Before hearing the arguments of the prosecution and the defense – each party must have until 4 p.m. to present its theses – the Senate must vote on the constitutionality of the trial.
Legal scholars say there are precedents for trying former officials and that the U.S. constitution does not preclude such proceedings.
If the simple majority of senators agree to move on, as planned, the trial begins. So far, multiple witnesses are not expected to be called – Trump himself has been invited, but he has declined to testify.
In the unlikely scenario of impeachment approval, with 67 votes in favor, there will be a second vote on whether or not to withdraw Trump’s political rights.
This veto must only be approved by a simple majority (51 senators) and, according to US law, it is not possible to revoke the political rights of the former president if he is acquitted on the first vote.
As of yet, no one can guarantee that the unpredictable Trump will actually show up for the White House in 2024, but the decision of most Republican senators to leave that possibility open is critical.
The case against Trump
What has already happened
A group of 210 Democratic lawmakers introduced the article of impeachment against Trump on Jan.11, in which the former president is accused of instigating an insurgency against the US government by spurring the invasion of Congress on Jan.6, when his supporters tried to turn the situation around to prevent the session. who would certify the victory of Joe Biden In just two days, on January 13, the president was impeached in the House, with 232 votes in favor of the prevention, including 10 Republicans The record time between the presentation of the article and his approval was made possible through agreements, such as not having to conduct an investigation or give depositions, as Trump has been accused of misconduct through public speaking and actions. On January 25, the House sent the article to the Senate, responsible for the judgment on Monday. (8), the defense of the ex-president presented its pre-trial report
The trial begins Tuesday (9) and is expected to be more nimble than the previous one, in 2020, which lasted about three weeks. Prosecutors leading the charge against Trump – made up of nine Democrats – expect the process to take about one week, as they plan to use little evidence, make succinct arguments so as not to distract the jury and substantiate the case primarily in videos of the January 6 action, according to The New York Times The Use of Images, possibly riots in towns under Democratic management, this must be the strategy adopted by the defense, which must rely on technical arguments Both the prosecution and the defense must each have 12 hours to present their arguments. Senate proceeds to vote, in which two-thirds of the house is needed (67 out of 100 seats) for Trump to be impeached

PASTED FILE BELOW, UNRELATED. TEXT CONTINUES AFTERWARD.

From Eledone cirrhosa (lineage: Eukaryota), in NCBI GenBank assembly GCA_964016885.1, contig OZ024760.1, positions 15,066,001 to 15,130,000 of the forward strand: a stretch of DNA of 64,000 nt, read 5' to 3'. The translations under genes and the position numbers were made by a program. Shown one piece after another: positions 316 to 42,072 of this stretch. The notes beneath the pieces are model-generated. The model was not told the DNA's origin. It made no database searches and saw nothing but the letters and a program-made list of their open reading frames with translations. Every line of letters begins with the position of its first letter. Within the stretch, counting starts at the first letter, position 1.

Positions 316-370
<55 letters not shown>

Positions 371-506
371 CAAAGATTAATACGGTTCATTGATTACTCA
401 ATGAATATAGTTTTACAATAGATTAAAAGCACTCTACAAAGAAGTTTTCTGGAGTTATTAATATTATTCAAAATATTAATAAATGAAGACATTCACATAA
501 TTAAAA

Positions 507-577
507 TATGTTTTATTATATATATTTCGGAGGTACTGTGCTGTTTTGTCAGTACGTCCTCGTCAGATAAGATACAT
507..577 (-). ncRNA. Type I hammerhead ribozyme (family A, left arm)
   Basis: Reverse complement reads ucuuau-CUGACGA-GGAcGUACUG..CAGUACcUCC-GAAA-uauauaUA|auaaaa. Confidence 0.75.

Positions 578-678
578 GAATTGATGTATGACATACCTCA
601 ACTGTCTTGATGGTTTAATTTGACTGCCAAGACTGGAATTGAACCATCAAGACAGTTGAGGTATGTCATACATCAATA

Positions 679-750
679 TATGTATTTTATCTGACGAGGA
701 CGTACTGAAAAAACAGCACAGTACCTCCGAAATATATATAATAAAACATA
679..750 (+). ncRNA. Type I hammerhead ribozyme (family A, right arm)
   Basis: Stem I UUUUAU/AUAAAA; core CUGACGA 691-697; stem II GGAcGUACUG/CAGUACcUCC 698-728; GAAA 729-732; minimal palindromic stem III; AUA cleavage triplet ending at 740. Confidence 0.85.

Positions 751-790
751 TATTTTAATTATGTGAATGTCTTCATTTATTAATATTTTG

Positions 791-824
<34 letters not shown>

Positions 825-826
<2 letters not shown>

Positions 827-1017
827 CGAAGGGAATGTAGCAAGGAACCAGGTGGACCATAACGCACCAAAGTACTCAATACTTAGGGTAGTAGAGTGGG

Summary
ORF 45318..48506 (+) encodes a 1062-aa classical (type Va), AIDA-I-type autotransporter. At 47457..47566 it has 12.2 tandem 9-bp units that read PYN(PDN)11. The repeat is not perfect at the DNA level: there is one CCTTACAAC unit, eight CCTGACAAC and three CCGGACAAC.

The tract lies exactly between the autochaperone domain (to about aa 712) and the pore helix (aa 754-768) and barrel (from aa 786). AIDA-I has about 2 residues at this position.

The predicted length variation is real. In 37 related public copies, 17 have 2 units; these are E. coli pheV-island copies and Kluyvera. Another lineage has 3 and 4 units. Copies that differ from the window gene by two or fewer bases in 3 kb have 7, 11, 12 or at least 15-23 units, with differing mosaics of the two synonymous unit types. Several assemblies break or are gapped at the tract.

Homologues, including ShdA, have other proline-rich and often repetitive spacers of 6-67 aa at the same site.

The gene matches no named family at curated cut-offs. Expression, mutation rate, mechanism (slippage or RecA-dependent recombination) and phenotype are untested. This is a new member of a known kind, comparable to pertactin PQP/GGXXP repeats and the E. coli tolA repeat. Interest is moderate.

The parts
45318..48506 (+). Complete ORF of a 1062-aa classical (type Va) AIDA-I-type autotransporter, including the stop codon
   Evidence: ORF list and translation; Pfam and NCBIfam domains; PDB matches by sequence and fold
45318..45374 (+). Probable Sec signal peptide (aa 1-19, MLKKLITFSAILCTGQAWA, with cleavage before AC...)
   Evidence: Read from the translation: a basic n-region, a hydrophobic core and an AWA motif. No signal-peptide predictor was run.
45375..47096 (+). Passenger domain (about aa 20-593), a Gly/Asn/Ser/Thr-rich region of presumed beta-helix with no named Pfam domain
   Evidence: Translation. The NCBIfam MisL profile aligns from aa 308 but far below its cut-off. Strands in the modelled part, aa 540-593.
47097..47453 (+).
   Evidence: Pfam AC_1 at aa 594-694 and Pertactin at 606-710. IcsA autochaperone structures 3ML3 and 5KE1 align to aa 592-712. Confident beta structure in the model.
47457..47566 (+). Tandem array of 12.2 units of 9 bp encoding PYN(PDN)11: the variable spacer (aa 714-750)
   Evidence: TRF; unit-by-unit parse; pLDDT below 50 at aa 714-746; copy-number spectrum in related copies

Understand the process
What does the prosecution say?
Trump swelled his supporters to invade Congress on January 6, when he said at a rally that day that “if you don’t fight for real you will not have a country.”
What does the defense say?
The ex-president did not order anyone to commit illegal actions, “he should not be blamed for the conduct of” a small group of criminals “, and the Senate” has no jurisdiction “to try an representative who has already left office because the Constitution does not explicitly state that this is possible.
Can Trump stand trial after he resigns?
Precisely because of the lack of precision in the Constitution, nothing in US law requires that the impeachment process be stopped after the president has left the White House. As has never happened in the country’s history, the case would likely go to court.
Who is presiding over the trial?
The process will be led by Democratic Senator Patrick Leahy, 80, the dean of the House. In the previous case against Trump, the trial was presided over by John Roberts, Chief Justice of the Supreme Court, but since the accused is not the current US President, a senator can guide the trial.
What are the consequences of Trump if he is convicted?
The main flip side of the conviction is resignation from office, which has no effect since Trump has already left the White House. However, the ex-president also loses the right to a lifetime pension of US $ 219,200 (approximately R $ 1.2 million) per year. To lose political rights – and be barred from running in 2024 – another Senate vote is needed, in which a simple majority determines the issue.
Is he likely to be condemned?
No. In a vote at the end of January, with a tight margin (55-45), he blocked an attempt to dismiss the impeachment process as unconstitutional. The scoreboard indicated that the trend was towards absolution, showing little willingness from Republicans to condemn the former president – only 5 voted to continue the process.